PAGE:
Minimizing the emotional and financial stress of divorce and other family law matters.

The Benefits Of A Premarital Or Postmarital Agreement

The purpose of a premarital or a postmarital agreement is to provide certainty regarding how issues will be resolved upon dissolution in order to avoid going to court and/or the application of California law. High-profile cases involving premarital and postmarital agreements led to changes in the law that have resulted in greater scrutiny of such agreements and of the legal representation available to each party. We carefully craft our agreements with this high standard in mind.

Premarital And Postmarital Considerations

California’s Uniform Premarital Agreement Act (UPAA) outlines requirements that must be met for the agreements to be legally binding. Both premarital and postmarital agreements can address a range of issues, including:

  • The income earned during marriage by either party and how it should be allocated
  • The rights and obligations regarding property acquired prior to marriage and during marriage
  • The sale or transfer of any property in case of death, divorce or separation

As part of the drafting process of both types of agreements, both partners must share all relevant information about their income, assets and debts and it is very difficult to enforce an agreement if both parties are not represented by counsel. However, there are significant differences between the two types of agreements.

Premarital Agreements take place at arm’s length, meaning the parties do not have any duties owing to each other until marriage. Each partner must have the final agreement in hand at least seven days before the wedding so it is important that the process of drafting the agreement be started as soon as possible. The goal of a premarital agreement is to address the issues above, as well as spousal support on divorce, but often the parties benefit from the process by working together to create a financial arrangement that meets both of their goals.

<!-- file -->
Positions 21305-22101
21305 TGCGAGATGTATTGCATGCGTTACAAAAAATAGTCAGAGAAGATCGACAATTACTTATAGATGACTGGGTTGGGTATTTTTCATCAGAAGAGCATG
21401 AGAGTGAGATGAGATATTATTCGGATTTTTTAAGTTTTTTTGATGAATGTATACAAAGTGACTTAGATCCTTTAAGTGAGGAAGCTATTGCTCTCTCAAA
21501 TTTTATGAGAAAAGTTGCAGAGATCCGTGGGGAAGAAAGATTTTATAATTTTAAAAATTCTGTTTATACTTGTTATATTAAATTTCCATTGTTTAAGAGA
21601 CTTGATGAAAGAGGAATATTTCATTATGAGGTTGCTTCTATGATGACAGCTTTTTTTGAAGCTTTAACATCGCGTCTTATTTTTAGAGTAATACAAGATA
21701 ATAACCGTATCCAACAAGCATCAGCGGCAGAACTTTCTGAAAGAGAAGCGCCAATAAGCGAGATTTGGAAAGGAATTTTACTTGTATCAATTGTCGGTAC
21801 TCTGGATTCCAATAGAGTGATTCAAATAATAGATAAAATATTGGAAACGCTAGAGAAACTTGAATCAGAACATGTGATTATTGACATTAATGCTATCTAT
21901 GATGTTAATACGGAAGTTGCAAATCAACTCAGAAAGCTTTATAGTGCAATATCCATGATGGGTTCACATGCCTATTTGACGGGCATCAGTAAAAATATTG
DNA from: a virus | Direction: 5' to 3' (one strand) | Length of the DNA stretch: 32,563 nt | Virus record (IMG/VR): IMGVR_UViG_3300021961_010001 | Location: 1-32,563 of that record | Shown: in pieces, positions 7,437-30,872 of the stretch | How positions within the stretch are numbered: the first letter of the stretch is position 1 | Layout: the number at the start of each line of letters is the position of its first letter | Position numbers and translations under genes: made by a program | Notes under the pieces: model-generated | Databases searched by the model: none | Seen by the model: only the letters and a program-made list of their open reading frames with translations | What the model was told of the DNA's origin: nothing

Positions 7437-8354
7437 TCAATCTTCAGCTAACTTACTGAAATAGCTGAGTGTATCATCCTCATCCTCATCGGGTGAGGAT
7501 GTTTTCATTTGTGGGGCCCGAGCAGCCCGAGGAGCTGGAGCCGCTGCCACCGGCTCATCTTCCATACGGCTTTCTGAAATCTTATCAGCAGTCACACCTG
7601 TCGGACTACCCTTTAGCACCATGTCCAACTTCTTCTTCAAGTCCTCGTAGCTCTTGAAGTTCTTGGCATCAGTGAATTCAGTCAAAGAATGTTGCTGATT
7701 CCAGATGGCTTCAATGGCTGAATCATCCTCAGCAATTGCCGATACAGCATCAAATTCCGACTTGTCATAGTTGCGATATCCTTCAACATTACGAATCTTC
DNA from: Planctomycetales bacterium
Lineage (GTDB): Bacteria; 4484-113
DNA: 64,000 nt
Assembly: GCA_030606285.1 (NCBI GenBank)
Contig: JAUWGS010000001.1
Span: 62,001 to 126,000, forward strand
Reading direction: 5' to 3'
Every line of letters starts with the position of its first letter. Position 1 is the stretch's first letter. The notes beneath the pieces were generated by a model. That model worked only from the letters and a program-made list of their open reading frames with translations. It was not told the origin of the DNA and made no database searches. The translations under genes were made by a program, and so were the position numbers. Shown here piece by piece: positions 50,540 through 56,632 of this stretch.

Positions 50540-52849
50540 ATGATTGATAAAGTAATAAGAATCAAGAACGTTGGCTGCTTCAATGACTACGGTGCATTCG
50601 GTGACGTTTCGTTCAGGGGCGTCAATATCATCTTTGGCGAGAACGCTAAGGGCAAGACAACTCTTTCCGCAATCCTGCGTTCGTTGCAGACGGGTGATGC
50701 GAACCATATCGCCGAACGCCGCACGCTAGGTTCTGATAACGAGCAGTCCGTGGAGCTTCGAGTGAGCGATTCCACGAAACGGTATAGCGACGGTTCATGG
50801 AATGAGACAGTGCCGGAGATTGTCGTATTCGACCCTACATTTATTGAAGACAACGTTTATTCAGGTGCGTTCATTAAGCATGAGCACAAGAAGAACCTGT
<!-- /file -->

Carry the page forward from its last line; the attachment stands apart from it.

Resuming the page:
Postmarital Agreements are created during marriage when the parties have a fiduciary duty to each other to deal with each other in the highest good faith and fair dealing. These agreements are often needed when the parties have financial disagreements that could threaten the marriage or upon a significant financial event during marriage, such as a large inheritance by one spouse.
Melinda has been drafting premarital and postmarital agreements for over 20 years and has extensive experience in a wide range of provisions that can be included in these agreements to meet the parties’ desired outcome.


When A Cohabitation Agreement Might Be The Best Choice

For couples in long-term relationships who are living together and sharing expenses but do not plan to get married, cohabitation agreements provide financial protection if the relationship ends. They can be used both as protection against financial claims between partners and to secure compensation when one partner emotionally supports the other at a financial detriment to themselves. Because there is no such thing as a common law marriage in California, when couples in long-term relationships separate or one partner dies, attempting to divide assets and deal with finances and jointly owned assets can create thorny legal issues. The longer couples stay together, the more their finances become intertwined and the more difficult they are to untangle if a partner dies or the relationship ends. By signing a cohabitation agreement, each partner can protect their financial interests and dictate how jointly owned property and other assets will be dealt with if the relationship ends for any reason.

Start Working On Your Agreement Today

At our first consultation, we will listen closely to the details of your situation, and explain exactly how we can help. We will help you identify the most important issues to address in your cohabitation agreement, pre- or postmarital agreement, and we can begin work on drafting it right away.

To make an appointment with Sammis Family Law, call 415-868-3291 or contact the office online. We serve clients throughout Northern California.